Senolytic Drugs May Offer New IPF Therapy Options

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Senolytic drugs treat IPF

Green cells show markers of the lung epithelium, red cells are undergoing senescence. The nuclei are stained in blue.

Recent studies have shown that idiopathic pulmonary fibrosis (IPF) may be caused by senescence, a cellular aging process. Now, a team of German researchers have successfully counteracted this mechanism in cell culture by using senolytic drugs that are able to kill senescent epithelial lung cells.

These findings were reported in a study titled “Senolytic drugs target alveolar epithelial cell function and attenuate experimental lung fibrosis ex vivo,” which was published in The European Respiratory Journal.

In IPF patients, the lung becomes unable to deal with fibrosis. As a result, extracellular factors accumulate, which causes scarring, destruction of lung architecture, and progressive loss of patient’s pulmonary function. The research team found molecular markers of cellular senescence in both the lung tissue of IPF patients and in animal models. Although senescent lung cells do not divide when they need to be replaced, they keep secreting pro-fibrotic signals.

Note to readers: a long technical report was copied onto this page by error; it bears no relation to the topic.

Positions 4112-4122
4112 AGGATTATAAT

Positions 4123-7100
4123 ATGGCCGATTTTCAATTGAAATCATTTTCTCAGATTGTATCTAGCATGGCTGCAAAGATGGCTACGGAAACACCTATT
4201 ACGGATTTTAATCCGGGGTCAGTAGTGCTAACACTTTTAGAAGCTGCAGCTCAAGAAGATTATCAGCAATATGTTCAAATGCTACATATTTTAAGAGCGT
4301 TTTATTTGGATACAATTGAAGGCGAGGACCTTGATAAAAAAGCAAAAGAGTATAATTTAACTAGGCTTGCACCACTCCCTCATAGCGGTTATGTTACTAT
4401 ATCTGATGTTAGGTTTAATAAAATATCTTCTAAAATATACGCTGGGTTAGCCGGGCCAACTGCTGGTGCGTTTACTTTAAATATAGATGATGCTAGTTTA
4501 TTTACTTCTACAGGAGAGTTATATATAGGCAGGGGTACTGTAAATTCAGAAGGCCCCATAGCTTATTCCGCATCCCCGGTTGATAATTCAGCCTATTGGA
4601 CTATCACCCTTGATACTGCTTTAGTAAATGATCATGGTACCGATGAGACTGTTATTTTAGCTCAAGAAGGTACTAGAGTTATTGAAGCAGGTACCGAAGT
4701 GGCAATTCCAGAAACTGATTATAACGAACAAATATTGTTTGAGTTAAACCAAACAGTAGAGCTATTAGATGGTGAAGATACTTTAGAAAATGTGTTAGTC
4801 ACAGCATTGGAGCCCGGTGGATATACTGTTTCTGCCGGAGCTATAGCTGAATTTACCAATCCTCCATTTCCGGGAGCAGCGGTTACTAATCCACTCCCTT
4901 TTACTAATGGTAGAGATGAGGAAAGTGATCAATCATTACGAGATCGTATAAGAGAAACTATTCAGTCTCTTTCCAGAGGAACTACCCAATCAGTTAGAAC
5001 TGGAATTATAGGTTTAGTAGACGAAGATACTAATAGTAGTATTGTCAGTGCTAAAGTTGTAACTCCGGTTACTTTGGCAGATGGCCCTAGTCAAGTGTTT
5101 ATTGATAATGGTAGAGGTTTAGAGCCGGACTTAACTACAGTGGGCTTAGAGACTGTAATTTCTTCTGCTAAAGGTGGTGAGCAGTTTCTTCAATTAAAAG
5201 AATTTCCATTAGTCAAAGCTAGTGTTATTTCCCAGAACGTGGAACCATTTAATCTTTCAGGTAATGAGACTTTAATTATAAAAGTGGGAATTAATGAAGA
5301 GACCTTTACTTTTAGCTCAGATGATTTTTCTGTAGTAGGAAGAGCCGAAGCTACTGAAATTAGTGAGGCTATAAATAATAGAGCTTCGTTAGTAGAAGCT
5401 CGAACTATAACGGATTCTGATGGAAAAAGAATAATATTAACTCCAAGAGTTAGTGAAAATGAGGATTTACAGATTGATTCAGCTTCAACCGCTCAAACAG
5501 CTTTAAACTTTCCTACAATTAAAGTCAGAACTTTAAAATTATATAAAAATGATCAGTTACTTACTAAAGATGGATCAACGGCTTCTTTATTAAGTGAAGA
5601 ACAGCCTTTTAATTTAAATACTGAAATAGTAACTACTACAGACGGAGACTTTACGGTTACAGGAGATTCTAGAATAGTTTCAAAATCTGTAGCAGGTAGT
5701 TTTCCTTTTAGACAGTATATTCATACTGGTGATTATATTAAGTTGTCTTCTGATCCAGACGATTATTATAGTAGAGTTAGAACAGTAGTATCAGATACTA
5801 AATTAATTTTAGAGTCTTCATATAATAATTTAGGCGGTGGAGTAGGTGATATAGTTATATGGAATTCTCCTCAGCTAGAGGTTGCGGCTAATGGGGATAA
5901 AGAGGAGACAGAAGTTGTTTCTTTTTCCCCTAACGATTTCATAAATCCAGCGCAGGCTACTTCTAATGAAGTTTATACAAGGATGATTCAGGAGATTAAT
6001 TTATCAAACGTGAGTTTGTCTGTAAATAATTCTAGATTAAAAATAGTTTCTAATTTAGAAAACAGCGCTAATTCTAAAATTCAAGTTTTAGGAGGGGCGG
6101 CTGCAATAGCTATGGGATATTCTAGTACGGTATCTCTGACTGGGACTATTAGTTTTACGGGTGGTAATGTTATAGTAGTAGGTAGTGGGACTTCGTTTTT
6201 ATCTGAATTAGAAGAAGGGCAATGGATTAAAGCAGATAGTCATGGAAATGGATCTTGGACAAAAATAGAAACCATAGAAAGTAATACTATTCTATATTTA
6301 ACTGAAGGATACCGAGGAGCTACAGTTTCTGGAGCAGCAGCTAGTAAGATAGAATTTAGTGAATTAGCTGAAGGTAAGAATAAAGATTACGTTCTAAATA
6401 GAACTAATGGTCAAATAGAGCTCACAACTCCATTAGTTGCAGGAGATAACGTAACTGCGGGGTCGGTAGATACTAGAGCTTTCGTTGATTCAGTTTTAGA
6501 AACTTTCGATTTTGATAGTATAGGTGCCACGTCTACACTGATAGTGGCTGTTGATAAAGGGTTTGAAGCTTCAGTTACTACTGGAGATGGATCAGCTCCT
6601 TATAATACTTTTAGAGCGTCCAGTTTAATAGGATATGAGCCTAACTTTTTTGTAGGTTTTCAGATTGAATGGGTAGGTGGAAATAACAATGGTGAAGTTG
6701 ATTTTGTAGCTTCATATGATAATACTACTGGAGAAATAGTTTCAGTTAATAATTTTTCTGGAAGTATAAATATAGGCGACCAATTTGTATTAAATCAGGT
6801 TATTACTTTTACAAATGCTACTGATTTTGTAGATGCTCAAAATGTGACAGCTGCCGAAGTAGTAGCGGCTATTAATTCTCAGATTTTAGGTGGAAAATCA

“In both the experimental model and in the lungs of IPF patients, we were able to show that some cells in the alveolar epithelium have markers for senescence,” explained the study leader Melanie Königshoff, MD, PhD, in a press release. “Because the occurrence of IPF increases with age, this was already suspected. We have now succeeded in proving this hypothesis.”

The team cultured fibrotic mouse type II lung epithelial cells in a three-dimensional system. They found increased amounts of senescence-associated secretory phenotype (SASP) factors, which also are pro-fibrotic. However, they found that there was a reduction in the number of senescent cells and of SASP if they treated the cell culture with a combination of senolytic drugs (dasatinib and quercetin).

“We observed that this caused a decline in the quantity of secreted mediators and additionally a reduction in the mass of connective tissue proteins, which are greatly increased in the disease,” said Königshoff.

Although this study suggests senolytic drugs as a viable therapeutic option for IPF, results require confirmation in other models. “Future studies using in vivo models targeting specific senescent cell populations are needed to further delineate senescent cell-specific contribution to the development of pulmonary fibrosis. In addition, it will be important to further confirm the role of senescent cell types in human lung tissue,” wrote the authors in this study.